June 22, 2010
We are now in the fifth day of a hospital stay for an unknown illness. Finding a diagnosis has been complicated by the inability of Lauren to tell us how she feels. After numerous blood tests, four chest x-rays, and a CAT scan, we finally received an answer late yesterday – pneumonia.
Yesterday was increasingly scary as Lauren was pasty pale, wouldn’t eat and was so very tired, sleeping all day. By six o’clock in the evening I was getting a little panicky. She was just so deeply asleep. She’s never like that. It took the nurse and I a good five minutes to get her eyelids to flutter. But, her vitals were all good. She must just be exhausted. About 8:30PM she woke up and ate a container of yogurt. An hour later she was back to sleep.
Today she seems brighter and stronger but still tired. Me, too. Of course, it doesn’t help that the garbage bins in the room must be noisily emptied at seven in the morning, while we are both still sleeping, after a night interrupted by vitals checks, diaper changes, and coughing. But that is the norm for a hospital stay – it’s often a terrible place to be sick. Thankfully, Lauren was put in pediatrics by the kind doctor who admitted us. It is quieter here and the nursing more understanding and available. It has not been a terrible place to be but has felt safe and supportive through the many uncertainties we have encountered in the last few days.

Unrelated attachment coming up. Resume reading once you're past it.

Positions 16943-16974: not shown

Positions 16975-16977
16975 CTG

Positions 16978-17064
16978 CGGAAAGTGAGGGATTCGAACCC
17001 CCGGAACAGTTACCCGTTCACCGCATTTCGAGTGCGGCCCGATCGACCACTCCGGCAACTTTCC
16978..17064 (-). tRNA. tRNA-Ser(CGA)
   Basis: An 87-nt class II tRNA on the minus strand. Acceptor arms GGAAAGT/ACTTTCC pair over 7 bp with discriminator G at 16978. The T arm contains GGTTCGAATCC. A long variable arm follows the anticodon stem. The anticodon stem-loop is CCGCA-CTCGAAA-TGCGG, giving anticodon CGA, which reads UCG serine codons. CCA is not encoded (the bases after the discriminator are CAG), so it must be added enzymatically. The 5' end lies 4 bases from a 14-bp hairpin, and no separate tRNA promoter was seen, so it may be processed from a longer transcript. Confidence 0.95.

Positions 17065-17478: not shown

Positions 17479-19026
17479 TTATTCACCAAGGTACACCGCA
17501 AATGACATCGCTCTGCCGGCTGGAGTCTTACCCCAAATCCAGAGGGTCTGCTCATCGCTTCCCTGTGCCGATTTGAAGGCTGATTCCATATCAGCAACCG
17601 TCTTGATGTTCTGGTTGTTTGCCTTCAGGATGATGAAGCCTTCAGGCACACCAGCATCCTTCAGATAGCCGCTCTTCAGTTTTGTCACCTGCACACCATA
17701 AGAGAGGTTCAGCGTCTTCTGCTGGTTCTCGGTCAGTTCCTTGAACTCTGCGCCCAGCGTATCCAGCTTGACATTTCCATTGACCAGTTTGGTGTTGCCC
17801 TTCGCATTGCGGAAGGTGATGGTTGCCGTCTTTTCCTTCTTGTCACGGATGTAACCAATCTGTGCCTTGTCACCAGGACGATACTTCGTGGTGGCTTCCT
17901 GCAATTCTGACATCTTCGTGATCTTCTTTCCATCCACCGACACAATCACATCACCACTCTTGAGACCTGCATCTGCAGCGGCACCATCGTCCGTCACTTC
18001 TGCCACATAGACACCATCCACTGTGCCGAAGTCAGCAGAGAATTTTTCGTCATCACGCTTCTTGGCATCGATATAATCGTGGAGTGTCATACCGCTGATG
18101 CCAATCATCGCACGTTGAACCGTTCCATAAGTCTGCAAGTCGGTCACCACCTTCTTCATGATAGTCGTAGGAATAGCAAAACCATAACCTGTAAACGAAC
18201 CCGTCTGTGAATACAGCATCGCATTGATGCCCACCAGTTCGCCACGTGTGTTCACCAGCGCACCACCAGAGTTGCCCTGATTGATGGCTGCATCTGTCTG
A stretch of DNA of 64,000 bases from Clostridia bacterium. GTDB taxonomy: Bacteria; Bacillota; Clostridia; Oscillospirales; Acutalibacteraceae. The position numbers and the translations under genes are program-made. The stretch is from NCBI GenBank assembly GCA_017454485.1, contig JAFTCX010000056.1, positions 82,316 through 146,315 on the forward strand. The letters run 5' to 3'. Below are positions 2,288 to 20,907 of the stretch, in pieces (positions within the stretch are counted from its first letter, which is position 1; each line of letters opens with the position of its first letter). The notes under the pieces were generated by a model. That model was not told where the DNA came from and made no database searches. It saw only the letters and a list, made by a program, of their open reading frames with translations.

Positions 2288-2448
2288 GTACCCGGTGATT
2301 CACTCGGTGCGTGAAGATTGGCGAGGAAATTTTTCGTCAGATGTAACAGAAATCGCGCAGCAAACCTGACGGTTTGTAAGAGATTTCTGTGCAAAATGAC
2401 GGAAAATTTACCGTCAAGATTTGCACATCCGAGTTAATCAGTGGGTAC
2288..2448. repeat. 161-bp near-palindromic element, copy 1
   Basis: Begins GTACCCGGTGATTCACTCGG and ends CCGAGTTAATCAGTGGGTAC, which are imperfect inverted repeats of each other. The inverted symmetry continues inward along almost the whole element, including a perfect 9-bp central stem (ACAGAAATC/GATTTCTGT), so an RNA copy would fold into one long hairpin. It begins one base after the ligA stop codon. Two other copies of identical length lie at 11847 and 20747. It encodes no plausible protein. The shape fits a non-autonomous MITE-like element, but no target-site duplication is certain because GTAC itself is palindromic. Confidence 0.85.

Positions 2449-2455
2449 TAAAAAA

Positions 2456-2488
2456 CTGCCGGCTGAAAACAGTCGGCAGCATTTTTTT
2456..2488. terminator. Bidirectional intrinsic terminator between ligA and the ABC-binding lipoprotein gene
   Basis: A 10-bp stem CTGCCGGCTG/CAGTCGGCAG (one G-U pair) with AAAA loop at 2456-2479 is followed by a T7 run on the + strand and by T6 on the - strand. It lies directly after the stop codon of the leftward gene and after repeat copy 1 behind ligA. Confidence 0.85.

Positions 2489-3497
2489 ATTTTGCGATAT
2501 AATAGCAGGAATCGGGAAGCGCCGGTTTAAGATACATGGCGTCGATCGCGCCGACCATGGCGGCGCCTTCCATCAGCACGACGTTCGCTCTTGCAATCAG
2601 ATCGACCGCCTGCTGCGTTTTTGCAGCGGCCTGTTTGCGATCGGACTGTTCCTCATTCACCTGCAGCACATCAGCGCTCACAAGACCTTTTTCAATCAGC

The trend toward using hospitalists during hospital stays, rather than your own primary doctor ,results in many, many recitations of Lauren’s history. We’ve seen four pediatricians and three infectious disease doctors in the last five days. Of course, Lauren is an interesting subject to them with her very rare disorder. I’m usually pretty good at doing a concise and pertinent history, but my stressed and sleep-deprived self is having a hard time wrapping her tongue around the various technical terms that describe Lauren’s many challenges. I’ve been having these “out of body” type experiences where I know I’m mixing up the words in the sentence, but have no idea how to unjumble them to form a coherent thought. I was able to get a few decent hours of sleep last night, crawling into bed with Lauren at one point rather that jumping up and down from my cot to check on coughs and moans and fever. So, today I am able to put these few sentences together to let you know that it looks like we may, at last, be improving, and now just need to reach the point when the doctors feel it is safe for Lauren to return home.